Ditching the Sweater Vest and Dancing on Tables, Matthew Morrison Readies to Get Up Close and Personal at 54 Below
By Carey Purcell
Diners at 54 Below, beware. Mr. Schuester is leaving his sweater vest at home. Guests at the nightclub might find Matthew Morrison breaking into song and dance closer to them than they expected.
The Broadway leading man, who is currently starring on the hit TV show "Glee," will take the stage at 54 Below for a solo concert titled Up Close and Personal June 1-4. The concert will include songs from Morrison's upcoming album "Where It All Began," which will be released June 4. And, while the evening features songs performed by the Tony and Drama Desk-nominated actor, it just might feature dance as well.
Morrison, who made his Broadway debut in Footloose, has performed in Hairspray, The Rocky Horror Picture Show, The Light in the Piazza, A Naked Girl on the Appian Way and South Pacific. In 2009 he was cast as optimistic show choir teacher Will Schuester on Ryan Murphy's TV show "Glee," which has earned him Screen Actors Guild, Golden Globe and Emmy Award nominations.
The show, which was just extended for two more seasons, has brought Morrison international fame, a new aspect of his life he takes seriously.
"Before 'Glee,' I felt like a lot of people in New York knew who I was, but I could kind of go wherever I wanted and no one knew who this guy was," he said. "Now things have changed a little bit, and with this change comes good responsibility, too."
Part of that responsibility in Morrison's eyes is exposing new generations to the kind of music they might not be exposed to otherwise. Morrison, currently on break from filming "Glee," is taking the stage in numerous cities to return to where he says his heart is — live performing.
"I can't wait," Morrison said about his concert. "This is something I've been looking forward to doing for a while, and the kind of music I've been singing all my life, with a nice quintet in a really cool space."
While Morrison has an idea of the songs his show will feature, he said, "I really want to keep it old school, like they did back in the day, where I don't know what song is next. Wherever the mood takes us, we'll play off the audience and see whatever song we want to play."
One performer from that old-school era Morrison admires is Gene Kelly, whom he credits with inspiring him to learn dance.
"I was so blown away by what this man did, and how he did it," Morrison said. "He made dance cool for me. He made it masculine and made me want to dance."
Some of the tracks on "Where It All Began" are well-known classics like "Singin' in the Rain" and "Luck Be a Lady" that Morrison hopes he can add his own feel to, despite the famous renditions performed by previous singers.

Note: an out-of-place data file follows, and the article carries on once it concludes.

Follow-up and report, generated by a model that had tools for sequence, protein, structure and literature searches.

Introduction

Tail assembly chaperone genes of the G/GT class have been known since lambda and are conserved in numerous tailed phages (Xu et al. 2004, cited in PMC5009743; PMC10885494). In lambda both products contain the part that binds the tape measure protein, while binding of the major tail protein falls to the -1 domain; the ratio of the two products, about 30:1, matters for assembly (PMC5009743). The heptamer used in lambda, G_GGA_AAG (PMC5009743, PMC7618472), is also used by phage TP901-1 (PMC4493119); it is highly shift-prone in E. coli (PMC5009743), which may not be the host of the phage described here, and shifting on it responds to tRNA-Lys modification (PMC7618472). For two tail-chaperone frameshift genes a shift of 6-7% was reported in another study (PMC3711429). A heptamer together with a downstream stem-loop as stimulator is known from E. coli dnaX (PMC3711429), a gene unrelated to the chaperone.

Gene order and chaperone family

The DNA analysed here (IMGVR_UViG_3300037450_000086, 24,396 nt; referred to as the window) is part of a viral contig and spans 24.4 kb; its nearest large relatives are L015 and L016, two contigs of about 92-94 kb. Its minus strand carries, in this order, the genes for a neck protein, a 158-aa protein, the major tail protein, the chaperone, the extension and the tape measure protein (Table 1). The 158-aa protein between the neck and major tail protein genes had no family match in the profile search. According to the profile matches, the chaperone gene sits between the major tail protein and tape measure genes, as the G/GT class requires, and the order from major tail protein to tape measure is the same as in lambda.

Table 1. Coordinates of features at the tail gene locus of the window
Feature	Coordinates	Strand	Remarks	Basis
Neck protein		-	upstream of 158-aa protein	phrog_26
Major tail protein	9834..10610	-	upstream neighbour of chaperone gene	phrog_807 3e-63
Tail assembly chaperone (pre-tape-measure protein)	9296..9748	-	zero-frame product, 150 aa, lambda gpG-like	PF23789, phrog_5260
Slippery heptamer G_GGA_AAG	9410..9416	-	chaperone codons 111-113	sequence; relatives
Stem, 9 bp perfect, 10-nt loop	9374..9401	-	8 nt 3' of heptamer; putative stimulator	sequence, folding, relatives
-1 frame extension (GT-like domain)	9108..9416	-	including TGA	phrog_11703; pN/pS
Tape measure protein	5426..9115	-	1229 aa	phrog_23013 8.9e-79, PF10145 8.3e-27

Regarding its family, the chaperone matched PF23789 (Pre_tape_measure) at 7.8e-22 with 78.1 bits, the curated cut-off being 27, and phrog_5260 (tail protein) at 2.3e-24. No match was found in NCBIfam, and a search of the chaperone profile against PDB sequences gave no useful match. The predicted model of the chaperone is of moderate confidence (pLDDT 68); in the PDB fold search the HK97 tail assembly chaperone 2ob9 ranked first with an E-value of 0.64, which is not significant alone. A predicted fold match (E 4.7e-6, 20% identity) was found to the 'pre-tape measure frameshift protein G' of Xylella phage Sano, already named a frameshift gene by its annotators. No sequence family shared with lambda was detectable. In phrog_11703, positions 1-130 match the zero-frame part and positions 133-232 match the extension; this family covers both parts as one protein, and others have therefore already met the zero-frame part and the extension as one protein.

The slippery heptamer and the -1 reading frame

"Frank Sinatra and Sammy Davis Jr. — they're so incredible," he said. "These are such classic songs and they were sung by the most classic vocalists of their times. I'm trying to put my own tapestry over these classic songs."
This tapestry includes a more uplifting spirit and more movement integrated into the songs, some of which are typically sung as ballads. By adding his own touch, Morrison hopes he will introduce a new generation of people to the kind of music he is performing.
Morrison has already released one single from the album, "It Don't Mean a Thing," which includes him scatting. To prepare for recording the song, he watched numerous videos of Ella Fitzgerald so he could learn to scat properly.
"That one took a little work," he said. "That's not natural for me. She does it so effortlessly. When it comes out of my mouth, it's not quite that effortless."
The effort Morrison put into recording his album and performing his concerts comes from his love for live performing, which he tries to do as much has he can during his breaks from filming "Glee."
"After all the stuff that I've done over my career and now being on a TV show for so long, I definitely have come to realize that theatre is where my heart is," he said. "It's where I love to be the most. I love that interaction with the live audience, and I miss it so much. I'm dying to get back onstage. We have small breaks from the show, and I'm trying to fill that time being onstage, doing this kind of music."
One of the stage roles Morrison said he would love to play is John Wilkes Booth in the Sondheim musical Assassins. When commenting on the darker aspect of the role, he laughed and said, "I know. I love it."
Having already sung onstage in Italian for The Light in the Piazza, Morrison said he would take the chance of singing in another language again, saying, "Let's get some German, some French — I'll sing in any language."
When he takes the stage at 54 Below, Morrison will not be wearing Mr. Schuester's trademark sweater vest; instead, he said he will wear vintage-inspired clothing that evokes the era of the music he will be singing. And, he won't be acting like Mr. Schuester either; despite the stage at 54 Below being smaller than the average Broadway stage, Morrison said he might dance.
"Honestly, I will dance anywhere," he said. "I might dance on some tables. We'll see what happens."
PHOTO ARCHIVE: Matthew Morrison on Broadway
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